Robert Pattinson stars in Good Time—but not the Robert Pattinson you know. Not the brooder, the heartthrob who debuted as a teen vampire in the Twilight movies. This seems to be a completely different Robert Pattinson, bursting into a room where he isn’t wanted, whisking his brother away to the score of their lives—jittery, hostile, leaning hard into a Queens accent, his signature face partially obscured by a beard and a mop of stringy black hair that keeps falling across his eyes. He’s completely transformed. You’d be forgiven for not recognizing him. (I didn’t, when I first saw the trailer.)
Pattinson plays Connie Nikas, a lowlife bent on roping his mentally-handicapped brother Nick (Benny Safdie, who with his brother wrote and directed the film) into a bank heist. When the robbery goes awry, it’s Nick who gets caught and locked up in Rikers Island awaiting arraignment. Connie goes to a bail bondsman, but he comes up short. If he wants to get his brother out, he’ll need another ten grand. And so begins the film’s central action: a desperate, kinetic, neon-soaked odyssey through underworld Queens.
It’s difficult to say much more about Good Time without spoiling it. Half the fun is in seeing how Connie’s mad and morally suspect night unfolds, what ridiculous situations his desperation and charismatic ingenuity gets him into and out of. In fact, if any of this sounds appealing, you should probably stop reading and just go watch the movie—for those of you still hanging around, I can tell you that Connie’s schemes involve a hospital jailbreak gone badly awry, an amusement park break-in, hidden treasure, and a Sprite bottle full of acid.
The Safdie brothers capture this urban phantasmagoria in an assaulting visual style befitting the material. Many shots are presented in extreme, claustrophobic close-up, pulling the audience into much closer identification with these characters than we’re comfortable with. The shaky camera, aggressive neon lighting, cacophonous sound mix, and propulsive score contribute to the feeling of scenes balanced on a knife’s edge of chaos. From the opening frames, you get the feeling that something awful could happen at any minute—and very often, it does.
A story of odyssey is defined in part by its secondary characters, the figures our hero (antihero, in this case) meets along the way to his destination. And in Good Time, the costars really pop, combining excellent performances and a strong script to present a cast of characters who emerge as real and idiosyncratic human beings, even with limited screentime. Jennifer Jason Leigh plays Connie’s girlfriend, almost as much of a loser as he is. Barkhad Abdi is a security guard who nearly ends Connie’s night early. There’s also the old woman and her teenage granddaughter who surely know that Connie’s lying to them, that he’s no good, but help him anyway. And Benny Duress nearly steals the show as a recent parolee bent on the opposite of rehabilitation.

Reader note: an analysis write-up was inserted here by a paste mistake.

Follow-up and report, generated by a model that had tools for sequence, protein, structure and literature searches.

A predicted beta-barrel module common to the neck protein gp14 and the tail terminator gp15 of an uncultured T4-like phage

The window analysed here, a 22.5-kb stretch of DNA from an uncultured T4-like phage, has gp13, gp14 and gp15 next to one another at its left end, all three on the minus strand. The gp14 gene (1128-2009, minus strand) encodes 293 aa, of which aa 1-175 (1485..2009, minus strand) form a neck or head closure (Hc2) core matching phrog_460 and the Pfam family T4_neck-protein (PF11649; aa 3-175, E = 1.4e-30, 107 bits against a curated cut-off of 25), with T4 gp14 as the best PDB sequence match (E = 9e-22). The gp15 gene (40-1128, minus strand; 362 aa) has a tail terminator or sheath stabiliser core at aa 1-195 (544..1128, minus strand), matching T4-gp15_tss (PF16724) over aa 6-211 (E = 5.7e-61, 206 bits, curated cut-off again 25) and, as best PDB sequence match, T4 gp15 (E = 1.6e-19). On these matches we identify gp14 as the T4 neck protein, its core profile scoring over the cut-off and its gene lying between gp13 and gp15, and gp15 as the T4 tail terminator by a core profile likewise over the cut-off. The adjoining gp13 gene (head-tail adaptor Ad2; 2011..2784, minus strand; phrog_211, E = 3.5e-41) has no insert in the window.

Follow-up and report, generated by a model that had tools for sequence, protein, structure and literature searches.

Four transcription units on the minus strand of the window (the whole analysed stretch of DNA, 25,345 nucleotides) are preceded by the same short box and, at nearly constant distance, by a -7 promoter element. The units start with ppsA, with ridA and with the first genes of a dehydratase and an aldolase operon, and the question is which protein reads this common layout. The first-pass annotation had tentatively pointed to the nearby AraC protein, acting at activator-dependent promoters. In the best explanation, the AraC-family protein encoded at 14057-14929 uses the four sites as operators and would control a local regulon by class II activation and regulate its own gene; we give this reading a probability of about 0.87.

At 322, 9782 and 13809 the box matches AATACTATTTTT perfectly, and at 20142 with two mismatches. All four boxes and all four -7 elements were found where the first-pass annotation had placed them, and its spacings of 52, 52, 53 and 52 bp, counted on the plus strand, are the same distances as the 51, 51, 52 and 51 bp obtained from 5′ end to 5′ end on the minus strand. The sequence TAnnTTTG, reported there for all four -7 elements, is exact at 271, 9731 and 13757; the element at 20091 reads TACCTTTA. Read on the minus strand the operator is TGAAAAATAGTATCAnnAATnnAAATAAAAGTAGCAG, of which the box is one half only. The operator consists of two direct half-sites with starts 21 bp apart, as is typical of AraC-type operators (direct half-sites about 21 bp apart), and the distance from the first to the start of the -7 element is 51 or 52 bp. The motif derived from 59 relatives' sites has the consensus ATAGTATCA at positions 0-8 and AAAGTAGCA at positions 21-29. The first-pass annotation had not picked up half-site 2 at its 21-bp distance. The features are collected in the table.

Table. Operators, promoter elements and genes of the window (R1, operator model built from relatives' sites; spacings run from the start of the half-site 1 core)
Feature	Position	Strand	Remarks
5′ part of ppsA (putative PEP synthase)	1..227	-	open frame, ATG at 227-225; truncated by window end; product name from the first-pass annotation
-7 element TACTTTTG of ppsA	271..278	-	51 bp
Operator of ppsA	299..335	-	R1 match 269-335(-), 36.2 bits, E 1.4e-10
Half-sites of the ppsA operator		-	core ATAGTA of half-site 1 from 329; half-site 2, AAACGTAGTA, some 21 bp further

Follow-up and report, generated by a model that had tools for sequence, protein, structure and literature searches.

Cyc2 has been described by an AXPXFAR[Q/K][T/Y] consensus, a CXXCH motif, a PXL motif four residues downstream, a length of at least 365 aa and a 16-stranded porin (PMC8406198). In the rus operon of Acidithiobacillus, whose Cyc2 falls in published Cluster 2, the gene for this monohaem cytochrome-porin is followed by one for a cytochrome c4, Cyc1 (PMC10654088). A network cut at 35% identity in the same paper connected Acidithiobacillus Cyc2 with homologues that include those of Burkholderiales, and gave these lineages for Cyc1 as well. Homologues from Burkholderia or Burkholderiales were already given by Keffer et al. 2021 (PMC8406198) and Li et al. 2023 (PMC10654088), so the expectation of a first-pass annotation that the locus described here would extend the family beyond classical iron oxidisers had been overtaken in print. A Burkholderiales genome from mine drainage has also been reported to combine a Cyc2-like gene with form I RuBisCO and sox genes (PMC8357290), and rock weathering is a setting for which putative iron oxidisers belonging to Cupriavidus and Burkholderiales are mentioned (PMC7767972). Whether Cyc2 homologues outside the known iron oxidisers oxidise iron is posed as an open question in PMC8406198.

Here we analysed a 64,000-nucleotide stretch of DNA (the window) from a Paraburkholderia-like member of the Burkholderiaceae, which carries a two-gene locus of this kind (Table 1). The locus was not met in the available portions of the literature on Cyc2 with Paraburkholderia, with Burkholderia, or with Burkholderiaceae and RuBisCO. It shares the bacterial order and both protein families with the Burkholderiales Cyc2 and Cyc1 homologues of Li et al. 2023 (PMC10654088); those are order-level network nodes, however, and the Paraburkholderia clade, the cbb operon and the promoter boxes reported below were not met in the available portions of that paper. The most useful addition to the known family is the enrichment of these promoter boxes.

But it’s still Pattinson who anchors the movie, bringing the swirling chaos into focus and giving it some semblance of meaning and significance. His performance is a revelation. Connie is, to put it mildly, a bad person, bringing chaos in his wake and disaster to every person he meets in the course of the night, beginning with his brother. But he is also, in the midst of his desperation and willingness to do things that would make most people recoil in horror, undeniably charismatic. There’s a reason people keep helping Connie against their better judgment, and Pattinson’s trick in Good Time is to wrest his audience into a similarly complicated response of simultaneous attraction and repulsion. When Connie says that he suspects this night will somehow reveal his life’s true purpose, you almost believe him; when he protests that he’s not a loser, it’s laughable but poignant too.
The film’s breathless pace and amoral presentation of criminals had me thinking of the films of Martin Scorsese, particularly Mean Streets and Goodfellas. (Scorsese is thanked in the credits.) Other reviewers have mentioned Dog Day Afternoon, which I suppose would make Pattinson’s performanceakin to Pacino’s. That’s a big claim, and I’ve no idea if it will hold up over time, but at the moment it feels right. Good Time is a head rush of a crime film, with a performance for the ages.-Andrew DeYoung